The Secession

Early members of the LDS Church migrated multiple times, first from city to city within the U.S., and then eventually into unclaimed territories beyond federal reach. This project is focusing on that last migration, which constituted their secession movement, but the struggles that the Mormons faced in some earlier settlements is necessary for context.

One of their main settlements was in Jackson County, Missouri, where Joseph Smith claimed the Garden of Eden had originally been located. This was supposed to be the center of their new City of Zion, a haven on earth for the Heavenly Father’s true followers. The Mormon population multiplied so quickly that non-Mormons became afraid they would lose all political say in the area and violence broke out.┬áMormons were forced out of the territory, banned by governor decree, and ended up fleeing to Illinois.

In the spring of 1839 the Mormons reached Nauvoo, Illinois, with Joseph Smith and other leaders who had been held hostage by Missourians joining them months later. They quickly started establishing a new Zion, building a temple, university, and establishing a militia.

The murder of Joseph Smith

The non-Mormons in the area soon turned against Smith’s emerging attempts at theocracy. It was here that Smith began to preach polygamy — when a local paper threatened to publish news of the practice, Smith ordered that the press be destroyed. For this act he and his older brother were arrested, and while in jail, murdered by an anti-Mormon mob. Brigham Young assumed leadership of the Church and would lead the Mormons on their greatest migration yet: beyond the boundaries of the United States into Utah territory.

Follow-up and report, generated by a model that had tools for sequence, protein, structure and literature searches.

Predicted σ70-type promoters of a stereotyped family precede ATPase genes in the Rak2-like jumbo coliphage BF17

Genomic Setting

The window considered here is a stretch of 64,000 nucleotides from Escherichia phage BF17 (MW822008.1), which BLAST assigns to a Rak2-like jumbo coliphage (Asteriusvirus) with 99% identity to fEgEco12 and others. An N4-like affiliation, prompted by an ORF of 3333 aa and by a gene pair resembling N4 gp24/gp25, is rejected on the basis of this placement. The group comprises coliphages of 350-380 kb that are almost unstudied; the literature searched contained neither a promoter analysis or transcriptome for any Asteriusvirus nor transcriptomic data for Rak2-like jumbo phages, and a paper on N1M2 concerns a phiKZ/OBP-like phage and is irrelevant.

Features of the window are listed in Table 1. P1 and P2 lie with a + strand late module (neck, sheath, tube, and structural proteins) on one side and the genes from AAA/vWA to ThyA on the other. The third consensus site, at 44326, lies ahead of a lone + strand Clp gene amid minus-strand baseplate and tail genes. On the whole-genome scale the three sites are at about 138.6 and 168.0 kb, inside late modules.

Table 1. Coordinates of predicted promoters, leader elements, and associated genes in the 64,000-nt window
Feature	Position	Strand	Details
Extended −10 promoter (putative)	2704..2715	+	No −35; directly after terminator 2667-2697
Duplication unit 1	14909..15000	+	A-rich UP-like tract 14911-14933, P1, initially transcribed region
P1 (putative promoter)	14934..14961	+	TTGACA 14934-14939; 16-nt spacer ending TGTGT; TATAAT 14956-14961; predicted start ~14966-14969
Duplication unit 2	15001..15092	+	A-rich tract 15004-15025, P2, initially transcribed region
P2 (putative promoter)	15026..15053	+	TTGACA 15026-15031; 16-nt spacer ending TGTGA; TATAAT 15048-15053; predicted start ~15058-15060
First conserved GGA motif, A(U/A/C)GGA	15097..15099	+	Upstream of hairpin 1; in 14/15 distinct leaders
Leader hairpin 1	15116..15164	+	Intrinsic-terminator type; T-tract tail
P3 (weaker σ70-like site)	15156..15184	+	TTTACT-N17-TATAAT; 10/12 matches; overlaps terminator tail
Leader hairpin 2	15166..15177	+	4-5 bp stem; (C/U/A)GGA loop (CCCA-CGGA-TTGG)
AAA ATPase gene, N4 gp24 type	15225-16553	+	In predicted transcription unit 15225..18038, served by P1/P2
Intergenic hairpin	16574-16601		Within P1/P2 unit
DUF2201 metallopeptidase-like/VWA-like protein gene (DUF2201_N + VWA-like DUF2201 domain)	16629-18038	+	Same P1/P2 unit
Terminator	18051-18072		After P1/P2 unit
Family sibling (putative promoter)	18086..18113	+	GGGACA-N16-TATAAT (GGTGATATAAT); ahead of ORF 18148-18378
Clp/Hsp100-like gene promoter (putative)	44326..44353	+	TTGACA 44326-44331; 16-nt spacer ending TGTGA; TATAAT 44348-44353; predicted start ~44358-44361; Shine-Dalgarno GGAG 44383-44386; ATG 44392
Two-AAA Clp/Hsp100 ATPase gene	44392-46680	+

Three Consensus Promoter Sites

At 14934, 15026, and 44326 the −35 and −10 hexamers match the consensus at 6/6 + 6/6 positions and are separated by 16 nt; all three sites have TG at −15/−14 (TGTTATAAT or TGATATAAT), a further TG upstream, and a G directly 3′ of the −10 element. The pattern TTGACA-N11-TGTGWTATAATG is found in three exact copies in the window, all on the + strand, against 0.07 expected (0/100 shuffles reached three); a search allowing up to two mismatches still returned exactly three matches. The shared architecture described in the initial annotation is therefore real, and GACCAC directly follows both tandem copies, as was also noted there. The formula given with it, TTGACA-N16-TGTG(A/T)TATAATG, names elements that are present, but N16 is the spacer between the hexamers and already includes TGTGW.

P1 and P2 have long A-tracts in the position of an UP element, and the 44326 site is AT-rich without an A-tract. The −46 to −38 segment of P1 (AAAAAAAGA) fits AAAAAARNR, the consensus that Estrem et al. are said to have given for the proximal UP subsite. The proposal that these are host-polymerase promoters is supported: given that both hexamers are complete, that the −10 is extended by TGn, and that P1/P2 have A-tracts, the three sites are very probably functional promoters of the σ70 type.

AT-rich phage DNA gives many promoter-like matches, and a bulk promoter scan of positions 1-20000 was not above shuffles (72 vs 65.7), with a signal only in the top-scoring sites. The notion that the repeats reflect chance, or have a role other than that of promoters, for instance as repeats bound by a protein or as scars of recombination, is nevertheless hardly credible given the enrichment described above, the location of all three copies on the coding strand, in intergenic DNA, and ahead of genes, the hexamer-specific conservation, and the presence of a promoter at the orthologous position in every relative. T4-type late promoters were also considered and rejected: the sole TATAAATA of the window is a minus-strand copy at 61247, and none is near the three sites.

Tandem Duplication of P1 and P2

“They knew only that they were to search out, probably beyond the Rocky Mountains, if not indeed amount them, some isolated spot, where, far away from the land of boasted freedom, the soil, the skies, and mind and manners were free. If they were offensive to the laws, if the laws of the land were offensive to them, they would go where they might have land and laws of their own.” -J Fish

Shortly after the Mormons’ arrival and settlement in Utah, the United States gained the territory through the Mexican Cession. The Mormons applied for statehood, an attempt to secure their rights in their new establishment. They were refused – due to practices of polygamy – but Brigham Young was made governor of the new lands. He quickly organized a series of settlements, each based around producing certain goods the Mormons required, essentially making the territory an extended commune. There was no private property and all worked towards the collective prosperity. Young even started removing federally appointed officials, such as judges. When word of Young’s theocratic reign reached Washington, the president became concerned. Buchanan decided to instill a non-Mormon governor and sent military units to help install him.

This lead to the Utah War – a war with no actual battles – in which the Mormons used interference tactics to cut off the U.S. army’s supply lines in an attempt to starve them out of Utah. The Mountain Meadows Massacre was associated with this War, though the motives for the attack are still unclear, as is the level of Brigham Young’s knowledge or involvement with the event. Young and the Mormons eventually surrendered, with Young stepping down as Governor in return for a full pardon from Buchanan.